With over 35 million visitors, theatre in Germany has almost three times more viewers than do concerts or football games, reports the German Theatre Association, thus positioning German theatre for the World Theatre Day. The event is celebrated on 27 March and was launched by the International Theatre Institute (ITI). Each year it invites an important theatre maker to deliver a message that will broach a debate on the theatre and its global role. In 2014 the face of World Theatre Day will be the South African author and director Brett Bailey.
Theatre is and has always been border-crossing; this may be seen in the many theatre festivals in Germany, including the Ruhr Festival in Recklinghausen, the 2014 Theatre of the World Festival in Mannheim, the Young People’s Theatre Meeting at the end of May in Berlin and Unidram, the Potsdam International Theatre Festival, in autumn. The statistics of the German Theatre Association list 73 drama festivals, 143 state, municipal and regional theatres and 218 private theatres.
Theatre from A as in Aachen to Z as in Zwickau
Berlin alone offers more than 50 stages and ensembles: large theatres such like the Berlin Ensemble in the Theatre on Schiffbauerdamm and the Volksbühne or the internationally known Grips Theatre with its programme for children and young people. Also among the resonant names are the tradition-rich Munich Kammerspiele, chosen Theatre of the Year in 2013 by the magazine Theater heute; the popular Frankfurt Schauspiel, with an 84 per cent percentage of seats sold; and the Deutsches Schauspielhaus in Hamburg with its renowned intendant Karin Beier. The various regions of Germany also have promising cultural offerings: from the very successful Aachen Grenzlandtheater to the Zwickau municipal theatre with its multifarious musical programme. They all ensure that the theatre scene in German remains outstanding.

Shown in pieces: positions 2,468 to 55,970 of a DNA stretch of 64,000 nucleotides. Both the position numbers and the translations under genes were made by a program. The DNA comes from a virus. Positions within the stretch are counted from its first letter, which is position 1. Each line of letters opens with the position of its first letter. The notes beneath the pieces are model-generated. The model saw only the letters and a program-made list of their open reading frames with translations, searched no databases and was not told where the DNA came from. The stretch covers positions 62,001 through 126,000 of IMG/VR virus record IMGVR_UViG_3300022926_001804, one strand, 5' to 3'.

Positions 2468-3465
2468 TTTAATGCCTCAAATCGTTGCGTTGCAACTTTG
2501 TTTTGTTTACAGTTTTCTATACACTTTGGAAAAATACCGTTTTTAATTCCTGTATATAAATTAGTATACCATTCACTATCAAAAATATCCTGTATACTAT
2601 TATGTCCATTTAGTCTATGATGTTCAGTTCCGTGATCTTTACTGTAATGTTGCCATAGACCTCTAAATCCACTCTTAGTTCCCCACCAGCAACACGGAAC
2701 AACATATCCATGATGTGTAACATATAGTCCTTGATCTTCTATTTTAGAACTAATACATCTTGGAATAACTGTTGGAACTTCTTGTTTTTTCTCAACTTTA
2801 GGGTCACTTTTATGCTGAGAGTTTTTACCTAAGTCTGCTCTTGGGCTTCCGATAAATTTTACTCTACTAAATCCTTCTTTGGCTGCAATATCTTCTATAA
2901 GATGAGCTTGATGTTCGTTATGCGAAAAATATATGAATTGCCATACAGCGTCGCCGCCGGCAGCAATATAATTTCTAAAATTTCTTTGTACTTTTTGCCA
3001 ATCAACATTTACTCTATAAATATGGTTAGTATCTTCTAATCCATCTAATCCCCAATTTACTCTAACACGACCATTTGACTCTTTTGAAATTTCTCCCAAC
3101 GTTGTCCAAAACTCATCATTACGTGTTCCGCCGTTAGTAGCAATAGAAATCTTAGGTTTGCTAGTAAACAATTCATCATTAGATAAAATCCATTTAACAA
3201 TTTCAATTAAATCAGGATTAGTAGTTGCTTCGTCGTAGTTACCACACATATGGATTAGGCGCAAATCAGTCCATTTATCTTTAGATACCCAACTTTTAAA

World Theatre Day, 27 March